There's no better Sunday tradition than enjoying a pre-lunch vermouth along with its accompanying snacks – olives, crisps and any kind of tinned treat, such as anchovies – to whet your appetite. Years ago, that fortified wine our grandparents sipped when they were young was rediscovered by a new generation of devotees in Barcelona, and it seems it's here to stay. For proof, head to C/Parlament in the Sant Antoni neighbourhood around midday and into Bar Calders, Lando, Els Sortidors de Parlament, among others, and you'll see (and taste) that vermouth is the common denominator among the clientele.
It's no wonder that Galicia's only half-jokingly referred to as 'Galifornia', thanks to its extensive white-sand beaches and crystalline (though icy) waters. After you've tried the local obligatory 'polbo á feira' octopus dish with a good albariño white wine, the next thing on your list is to take a cruise along the idyllic Rías Baixas and discover the Islas Atlánticas National Park, which comprises the impressive islands of Ons, Cíes, Sálvora and Cortegada. Be aware you've got to book in advance, because in summer spaces are limited in order to better preserve this protected environment.
No other corner of the world is as good for savouring an 'horchata' as Valencia and surrounds. This popular non-alcoholic beverage took off in medieval Muslim Spain, when tiger nut was introduced to the region; this little tuber's milk is what provides the base for traditional horchata. If you're in the centre of Valencia, one of the top spots for a refreshing taste is Horchatería Santa Catalania, which has been around for two centuries. Once you realise you can't get enough of the stuff, head to nearby Alboraia, the horchata capital, where you can get your fix in Horchatería Daniel – in summer the place practically turns into a spiritual centre dedicated to this Valencian national drink.
The Cap de Creus (Creus Cape) is one of the most amazing places on the Costa Brava. When you want to explore, and you're up for a nice long walk (14km), try the Camí Antic, from Cadaqués (where you've been visiting that charming fishing village) to Cap de Creus. During the first bit you walk along roads, but once you get to Portlligat (where Salvador Dalí once lived – you can tour his house!), it really gets good: the beaches of Sant Lluís and La Guillola, expansive lands featuring abandoned vineyards, and the famous local lighthouse. For the return journey, some hikers opt for the road only, while some mix road and path. In total, it's about four hours of walking, and every minute is really, really worth it.
Among the 54 restaurants in all of Catalonia with one, two or three Michelin stars, El Celler de Can Roca in Girona is one of just four that has earned the big three, as of the most recent awards in November 2017. More recently, the prestigious Forbes list of The World's 50 Best Restaurants, has named the three-starred restaurant run by three brothers – Joan, Josep and Jordi Roca – at No. 2 on their 2018 list (it's been in the top three for the past few years). Naturally the waiting list is longer than time (okay, it's a bit over a year), so if you want to shed tears of emotion while you rediscover what it means to eat well, consider booking now for your next birthday. Or the one after that.
When you’re in Palma de Mallorca and you want a guaranteed excellent 'ensaimada' (the Mallorcan pastry), head to El Fornet de la Soca. It’s not the oldest bakery on the island, but its recipes just may be. Owner and pastry chef Tomeu Arbona realised he could make a mean ensaimada, and he kept working to improve even on that, researching and discovering recipes used in the 18th and 19th centuries. Ingredients are high-quality, with organic flours and lard from black pork (sorry, vegans). The space itself is out of a fairytale as well, and every other type of pastry – whether it’s sweet or savoury – is just as amazing as the last.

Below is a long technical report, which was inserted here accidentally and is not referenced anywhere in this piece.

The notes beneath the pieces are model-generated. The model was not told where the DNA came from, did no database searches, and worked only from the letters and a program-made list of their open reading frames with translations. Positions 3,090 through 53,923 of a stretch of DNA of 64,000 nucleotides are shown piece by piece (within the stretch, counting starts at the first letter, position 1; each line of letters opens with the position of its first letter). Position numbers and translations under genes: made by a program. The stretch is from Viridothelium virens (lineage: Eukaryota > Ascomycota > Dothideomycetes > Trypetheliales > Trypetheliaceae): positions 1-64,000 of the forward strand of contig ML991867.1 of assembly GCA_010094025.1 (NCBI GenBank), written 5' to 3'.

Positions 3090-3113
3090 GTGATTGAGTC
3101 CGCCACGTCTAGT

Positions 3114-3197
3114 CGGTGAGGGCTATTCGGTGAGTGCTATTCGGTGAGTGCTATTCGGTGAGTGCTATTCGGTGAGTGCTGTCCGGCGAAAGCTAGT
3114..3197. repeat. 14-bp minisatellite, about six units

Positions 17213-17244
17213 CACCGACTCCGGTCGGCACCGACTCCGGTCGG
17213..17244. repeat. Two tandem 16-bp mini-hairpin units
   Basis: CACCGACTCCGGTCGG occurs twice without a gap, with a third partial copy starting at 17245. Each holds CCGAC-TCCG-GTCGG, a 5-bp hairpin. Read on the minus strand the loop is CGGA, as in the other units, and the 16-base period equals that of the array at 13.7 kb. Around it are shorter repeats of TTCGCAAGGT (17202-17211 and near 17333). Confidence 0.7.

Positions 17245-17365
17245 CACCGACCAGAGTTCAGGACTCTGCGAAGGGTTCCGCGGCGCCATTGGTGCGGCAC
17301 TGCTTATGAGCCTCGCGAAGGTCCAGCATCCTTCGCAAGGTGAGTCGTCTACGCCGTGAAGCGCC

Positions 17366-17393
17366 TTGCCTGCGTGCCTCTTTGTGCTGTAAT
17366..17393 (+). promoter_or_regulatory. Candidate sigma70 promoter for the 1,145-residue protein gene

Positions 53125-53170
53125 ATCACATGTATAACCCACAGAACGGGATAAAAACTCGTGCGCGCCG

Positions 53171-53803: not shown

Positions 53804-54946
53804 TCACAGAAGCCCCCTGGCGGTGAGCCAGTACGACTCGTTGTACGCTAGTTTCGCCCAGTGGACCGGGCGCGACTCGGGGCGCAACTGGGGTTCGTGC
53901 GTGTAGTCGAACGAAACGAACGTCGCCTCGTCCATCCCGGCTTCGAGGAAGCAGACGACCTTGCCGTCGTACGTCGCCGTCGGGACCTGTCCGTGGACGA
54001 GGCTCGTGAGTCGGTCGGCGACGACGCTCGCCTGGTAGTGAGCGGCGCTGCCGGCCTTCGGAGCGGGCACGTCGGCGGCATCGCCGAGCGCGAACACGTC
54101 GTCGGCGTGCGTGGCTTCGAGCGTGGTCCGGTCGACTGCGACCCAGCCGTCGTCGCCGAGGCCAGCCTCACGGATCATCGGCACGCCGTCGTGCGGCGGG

Between Navarra and Aragón, in Bardenas Reales, lies an impressive semi-desert landscape of more than 40,000 hectares that brings to mind those NASA pictures of Mars or the Grand Canyon itself, with its rocks and cliffs. If you like bicycling, hop on and take the 75-kilometre circular route that covers nearly the whole area. Tip: try to avoid the summer months, as the high temperatures might not be ideal for it. Fun fact: they filmed some scenes from the sixth season of 'Game of Thrones' here.
The gastronomy in the north of Spain is a source of pride in the region. Asturian 'fabada' (bean and sausage stew) is the most typical dish you'll, but also look for others such as 'cachopo' (similar to Veal cordon bleu) and 'arroz con leche' (rice pudding). And then there's the hard cider ('sidra'), the star among Asturian beverages. The best way to try the food and drink together is to find an 'espicha' (cider party) in a traditional Asturian establishment, where the drink is made and poured according to tradition. The pouring, with the bottle held above the head and the glass by the hips, the pourer staring off intothe middle distance and still making most of the cider into the glass, is a show in itself. You can also get cider in most bars, pintxos places and 'sidrerias'.
Andalusia is much more than sun, tapas and rebujito (but do try the sherry-based drink!). Besides its charming with impressive monuments like the Alhambra in Granada, the Giralda in Seville, and the mosque in Córdoba, Spain's southernmost province boasts a stellar gastronomy. If you get as far as Cádiz, don't miss your chance to try the gorgeous almadraba tuna. 'Almadraba' is quite an old way of catching Atlantic bluefin on its way from the Atlantic to the Mediterranean, or vice versa, and the result is the jewel of the Andalusian coastal fishing community. Try yours at El Campero, in Barbate.
The Spanish Netflix hit show 'Paquita Salas' has the main character declaring that the best 'torreznos' in Spain are in Tarazona, in the province of Zaragoza. But real-life Spanish citizens, visitors and gastronomic award-bestowers have Soria down as the true torrezno capital. These crunchy, salty treats similar to pork scratchings are considered a snack of the gods, and if you want some of the best, head to places like Mesón Castellano, La Chistera or Mesón Círculo Católico (in El Burgo de Osma).